House OKs bill making on-site relocation of informal settlers a first remedy
MANILA, Philippines — A bill that aims to create on-site, in-city, near-city, or off-city resettlement programs for informal settler families (ISFs) was approved by the House of Representatives on its third and final reading on Monday.
A total of 254 lawmakers voted in favor of House Bill (HB) No. 5, which amends Republic Act No. 7279 or the Urban Development and Housing Act of 1992.
But this was not approved without Gabriela Rep. Arlene Brosas noting that her vote is not without reservations.
“Bagamat minamandato ng panukalang batas na ito na gawing first recourse ang on-site, near-city, at in-city resettlement program para sa ISFs, bigo ito sa pagtanggal ng anumang porma ng off-city relocation na naglalayo sa mga ISFs sa kanilang trabaho at kabuhayan,” she said, stressing that off-city resettlement for ISFs remain an option if on-site and in-city resettlements are not feasible.
(While this proposed law mandates that the first recourse should be on-site, near-city, in-site resettlement programs for ISFs, it fails to take out any form of off-city relocation which separates ISFs from their jobs and livelihood.)
Brosas cited HB No. 4087 filed by the Makabayan bloc, which makes on-site resettlement the first recourse and removes off-city resettlement among the options since, she said, this choice is most frequently implemented on the ground.
“Madali lang kasing sabihin na hindi kakayanin ang on-site development, na hindi pwede ang in-city at near-city resettlement, at ang natatanging option ay ilipat na naman sa malayong lugar ang maralita, malayo sa kanyang kabuhayan,” she pointed out.
(It’s easy to say on-site development, and in-city and near-city resettlement are not feasible and that the only option is to relocate the poor to places far from their livelihood.)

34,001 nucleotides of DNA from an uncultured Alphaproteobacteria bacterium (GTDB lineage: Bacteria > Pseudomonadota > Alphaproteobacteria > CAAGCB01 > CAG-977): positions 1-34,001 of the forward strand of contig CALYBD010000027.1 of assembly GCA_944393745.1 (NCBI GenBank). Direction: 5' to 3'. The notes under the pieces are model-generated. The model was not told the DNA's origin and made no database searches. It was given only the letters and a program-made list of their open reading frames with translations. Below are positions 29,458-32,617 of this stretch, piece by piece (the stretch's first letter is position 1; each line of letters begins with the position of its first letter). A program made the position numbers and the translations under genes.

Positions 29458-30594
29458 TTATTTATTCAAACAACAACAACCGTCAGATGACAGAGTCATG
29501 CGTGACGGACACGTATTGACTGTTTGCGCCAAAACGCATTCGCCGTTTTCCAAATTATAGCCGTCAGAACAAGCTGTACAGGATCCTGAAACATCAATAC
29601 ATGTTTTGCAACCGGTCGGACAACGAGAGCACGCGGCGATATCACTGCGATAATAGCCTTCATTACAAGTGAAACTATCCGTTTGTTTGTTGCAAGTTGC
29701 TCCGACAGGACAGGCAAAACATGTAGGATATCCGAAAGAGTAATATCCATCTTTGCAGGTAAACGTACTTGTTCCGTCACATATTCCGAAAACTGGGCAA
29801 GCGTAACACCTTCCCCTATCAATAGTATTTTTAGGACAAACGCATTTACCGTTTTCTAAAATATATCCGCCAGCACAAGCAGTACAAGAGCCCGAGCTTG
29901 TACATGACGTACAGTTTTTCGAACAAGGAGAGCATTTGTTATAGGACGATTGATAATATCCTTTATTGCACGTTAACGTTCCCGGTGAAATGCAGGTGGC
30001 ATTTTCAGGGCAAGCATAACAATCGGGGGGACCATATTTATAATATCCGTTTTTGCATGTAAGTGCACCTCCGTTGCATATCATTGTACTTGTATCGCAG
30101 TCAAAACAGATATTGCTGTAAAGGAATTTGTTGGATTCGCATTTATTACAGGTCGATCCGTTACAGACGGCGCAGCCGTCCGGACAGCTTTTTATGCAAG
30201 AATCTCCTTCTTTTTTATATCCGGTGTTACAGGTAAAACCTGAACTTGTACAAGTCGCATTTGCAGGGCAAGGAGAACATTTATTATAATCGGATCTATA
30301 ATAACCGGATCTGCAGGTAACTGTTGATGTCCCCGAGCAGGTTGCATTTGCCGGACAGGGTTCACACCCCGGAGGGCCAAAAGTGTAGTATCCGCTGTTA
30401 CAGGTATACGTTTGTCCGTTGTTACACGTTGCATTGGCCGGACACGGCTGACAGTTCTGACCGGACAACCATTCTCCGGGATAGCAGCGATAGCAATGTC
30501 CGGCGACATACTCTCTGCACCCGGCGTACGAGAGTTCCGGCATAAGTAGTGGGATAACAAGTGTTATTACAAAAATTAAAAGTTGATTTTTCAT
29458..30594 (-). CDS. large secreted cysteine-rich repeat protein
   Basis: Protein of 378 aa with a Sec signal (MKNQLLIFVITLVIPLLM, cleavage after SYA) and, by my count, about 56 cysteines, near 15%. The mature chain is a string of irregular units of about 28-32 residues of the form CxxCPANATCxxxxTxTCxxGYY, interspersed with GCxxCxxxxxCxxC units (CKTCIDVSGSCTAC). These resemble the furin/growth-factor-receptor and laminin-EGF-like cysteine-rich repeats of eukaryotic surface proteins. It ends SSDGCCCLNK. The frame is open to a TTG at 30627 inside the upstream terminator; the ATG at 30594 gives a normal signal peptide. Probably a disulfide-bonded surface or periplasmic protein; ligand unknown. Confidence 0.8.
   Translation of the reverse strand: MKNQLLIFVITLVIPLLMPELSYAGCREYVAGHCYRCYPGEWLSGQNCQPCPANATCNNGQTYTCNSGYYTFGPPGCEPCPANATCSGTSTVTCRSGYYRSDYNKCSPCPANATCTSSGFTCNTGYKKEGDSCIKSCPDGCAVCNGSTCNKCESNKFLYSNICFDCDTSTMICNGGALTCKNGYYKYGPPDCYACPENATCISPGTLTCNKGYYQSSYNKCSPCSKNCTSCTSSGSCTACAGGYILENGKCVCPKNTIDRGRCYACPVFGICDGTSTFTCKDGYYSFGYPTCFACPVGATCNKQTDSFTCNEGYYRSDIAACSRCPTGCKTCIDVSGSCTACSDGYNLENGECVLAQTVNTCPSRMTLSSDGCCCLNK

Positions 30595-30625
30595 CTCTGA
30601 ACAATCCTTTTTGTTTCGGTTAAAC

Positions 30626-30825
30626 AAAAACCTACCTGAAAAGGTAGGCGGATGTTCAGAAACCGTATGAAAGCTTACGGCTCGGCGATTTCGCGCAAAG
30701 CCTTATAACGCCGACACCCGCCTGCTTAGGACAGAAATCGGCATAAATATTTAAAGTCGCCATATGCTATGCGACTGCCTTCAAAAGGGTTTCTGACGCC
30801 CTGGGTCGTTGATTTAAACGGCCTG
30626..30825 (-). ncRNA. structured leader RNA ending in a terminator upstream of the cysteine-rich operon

The Makabayan lawmaker further noted that HB No. 5 fails to eliminate the primary issue faced by most poor communities.
“At ito ay ang sunod-sunod na demolisyon sa mga komunidad upang magbigay daan sa mga imprastraktura na hindi naman mapakikinabangan ng mahihirap,” she said.
(And this is the continuous demolitions communities face to give way to infrastructures that do not benefit the poor.)
This, Brosas noted, was amended in Makabayan’s version of the bill, which intends to repeal Section 28 of the Urban Development and Housing Act of 1992 that establishes criteria for demolishing communities.
Despite these reservations, she still welcomed the proposed measure’s provision recognizing the rights of renters and sharers – particularly in the bill’s definition of terms.
“Isang mahalagang probisyon ang pagkilala sa mga karapatan ng tenants, sharers, at renters sa informal sector lalo’t nakakaranas sila ng diskriminasyon sa pagkuha ng government housing,” Brosas added.
(A necessary provision is the recognition of the right of tenants, sharers, and renters in the informal sector, especially as they experience discrimination in availing of government housing.)
She also called the provision on the creation of a People’s Plan – crafted through the cooperation of the beneficiaries and the local government units – “a huge step forward” as it can help raise and address the needs of the recipients of the resettlement program.
“Malaking bagay ito para sa mga maralita na sa karanasan ay basta-basta na lamang pinapaalis sa kanilang komunidad at tinatanggalan ng karapatan para sa pabahay,” Brosas further noted.
(This is a big deal because, for poor people, it’s a common experience to be kicked out of their communities and stripped of their rights to housing.)
On November 9, HB No. 5 hurdled the lower chamber on its second reading as Brosas and Northern Samar 1st District Rep. Paul Daza questioned the specific procedure in crafting the People’s Plan.
House bill on on-site relocation of informal settlers approved on 2nd reading
House panel OKs bill authorizing on-site relocation of informal settlers
Subscribe to INQUIRER PLUS to get access to The Philippine Daily Inquirer & other 70+ titles, share up to 5 gadgets, listen to the news, download as early as 4am & share articles on social media. Call 896 6000.